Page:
The Immigrant, Night Movies, The Giver09/11/14
American dreams and terror. This week a disturbing look at terror from within that has nothing to do with Islamic extremism. Night Moves is about eco-terrorists in Oregon who plot to blow up a dam, and we meet its writer director Kelly Reichardt....
The Grandmaster, What We Do In The Shadows
Do vampires who live for centuries accomplish more than us mere mortals, or are they the ultimate procrastinators? New Zealand comedians Taika Waititi and Rhys Darby discuss this and other dilemmas of immortality ahead of the release of their...
There are few precedents in the history of cinema that compare to Boyhood, the film from American director Richard Linklater that took twelve years to make. It’s astounding to see actors age in real time, without the help of make up or prosthetics....
Predestination, The Inbetweeners 2
The new movie from Brisbane filmmaking twins the Spierig brothers does something most contemporary science fiction films don’t – it makes you think. Deeply. The brothers discuss how an obscure Robert A Heinlen story inspired them to make...
20,000 Days On Earth, Palo Alto
Does an authorised documentary about a public figure necessarily end up a hagiography, devoid of insight? Or can collaborations between filmmakers and famous subjects deliver authentic, unguarded moments? This is the question pertinent to a new film...
As the Melbourne International Film Festival unfolds in its first week, artistic director Michelle Carey discusses one of her picks from the line-up - Philippe Garrel's Jealousy. Plus, is Luc Besson's Lucy a wake up call for the male dominated,...
These Final Hours, The Selfish Giant, A Most Wanted man
What is the appeal of witnessing our own demise on screen? The Apocalypse is a subject that fascinates filmmakers, and this week doomsday comes to Perth in These Final Hours, a film that has an almost biblical sense of comeuppance for the mining boom...
Deliver Us From Evil, Eric Bana
What happens when genres lose their potency and become empty cliches? This week a new film about exorcism, Deliver Us From Evil, highlights just how difficult it is for filmmakers trying to reinvigorate well worn material. And we meet its star,...
Charlie's Country, Emmanuelle Seigner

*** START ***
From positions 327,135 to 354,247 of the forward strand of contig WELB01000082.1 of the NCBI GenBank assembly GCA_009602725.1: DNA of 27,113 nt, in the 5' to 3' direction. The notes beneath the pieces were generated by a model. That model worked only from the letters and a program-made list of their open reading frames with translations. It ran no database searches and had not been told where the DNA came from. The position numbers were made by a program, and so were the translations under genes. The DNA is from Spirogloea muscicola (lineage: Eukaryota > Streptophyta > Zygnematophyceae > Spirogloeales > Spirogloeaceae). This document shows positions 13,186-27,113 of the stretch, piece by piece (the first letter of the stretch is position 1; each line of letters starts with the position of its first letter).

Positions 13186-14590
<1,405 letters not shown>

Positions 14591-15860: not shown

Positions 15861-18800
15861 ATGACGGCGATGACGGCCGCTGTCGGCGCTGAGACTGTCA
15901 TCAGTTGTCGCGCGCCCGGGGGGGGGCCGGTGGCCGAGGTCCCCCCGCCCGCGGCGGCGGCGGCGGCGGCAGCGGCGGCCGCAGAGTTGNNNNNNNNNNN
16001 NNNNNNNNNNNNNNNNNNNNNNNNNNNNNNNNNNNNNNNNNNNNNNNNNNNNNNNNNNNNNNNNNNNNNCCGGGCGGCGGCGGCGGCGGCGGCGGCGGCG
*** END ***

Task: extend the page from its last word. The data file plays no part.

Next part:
There’s a lot of goodwill around Rolf de Heer’s new film Charlie’s Country, about an Aboriginal elder who goes bush and battles alcoholism.
Apes, All This Mayhem, The Lunchbox
Can CGI special effects be too realistic? Do blockbuster directors spend too much time designing monsters and explosions at the computer, and not enough time thinking how to make us feel? This week technique and emotion are not happy bedfellows in the...
Jersey Boys, Calvary
A new film starring Brendan Gleeson as a country priest looks at the frayed relationship between the Irish and the Catholic Church. How does a man carry out the role of a cleric in a society that has become suspicious, and even antagonistic towards...
YSL, The Last Impresario, The Man Whose Mind Exploded
Filmed biographies, fact, fiction and myth. Yves Saint Laurent was both a fashion icon and darling of the French Left, and this year two separate biopics attempt to dramatise his story. But how well can you portray an icon when his powerful allies are...
Galore, The Two Faces of January
This week on the Final Cut The Two Faces of January, an adaptation of the Patricia Highsmith thriller set in the early 1960s about American tourists in Greece who aren’t what they seem starring Kirsten Dunst, Viggo Mortensen and Oscar Isaac. It’s the...
The Rover, Good Vibrations, James Benning
What would Australia look like as a third world economy? It’s a question that writer director David Michôd explores in his dystopian road movie The Rover starring Guy Pearce and Robert Pattinson, the follow up to his acclaimed gangland film Animal...
Edge of Tomorrow, Grace of Monaco, The Texas Chainsaw Massacre
The Texas Chainsaw Massacre turns 40 this year. Ahead of the restored Sydney Film Festival screening, curator Richard Kuipers discusses why the slasher classic is a must see for film lovers. Plus, ex-husband and wife Nicole Kidman and Tom Cruise are...
A Million Ways To Die In The West, The Trip To Italy
This week Steve Coogan and Rob Brydon reunite for a holiday of fine dining and dodgy celebrity impressions in The Trip to Italy, plus a conversation about how the recent Jim Jarmusch and Wes Anderson films are expressions of both directors’ personal...
Snowpiercer, Ida, My Sweet Pepper Land
The artistic director of the Sydney Film Festival Nashen Moodley discusses Snowpiercer, the science fiction action movie set on a train starring Tilda Swinton. Plus, the Western gets a reworking in My Sweet Pepper Land, a film set in a Kurdish...
The Babadook, Healing
This week, two very different Australian films. Healing is an ambitious prison drama with an all-star local cast, but bites off more than it can chew. The Babadook is a low budget horror that's taut and focused. Writer-director Jennifer Kent discusses...
Chef, Child's Pose, The Broken Circle Breakdown
Parents, kids and a sea of emotion. Calin Peter Netzer, director of the Romanian film Child’s Pose speaks about how making a movie based on his own domineering mother was like therapy. Felix Van Groeningen discusses his Oscar nominated The Broken...
John Turturro, Young and Beautiful, 52 Tuesdays
Stories of sex and gender provoke and unsettle at the movies this week. Italian American actor, writer and director John Turturro discusseshis new film about a male prostitute, Fading Gigolo, co-starring Woody Allen. French writer director François...
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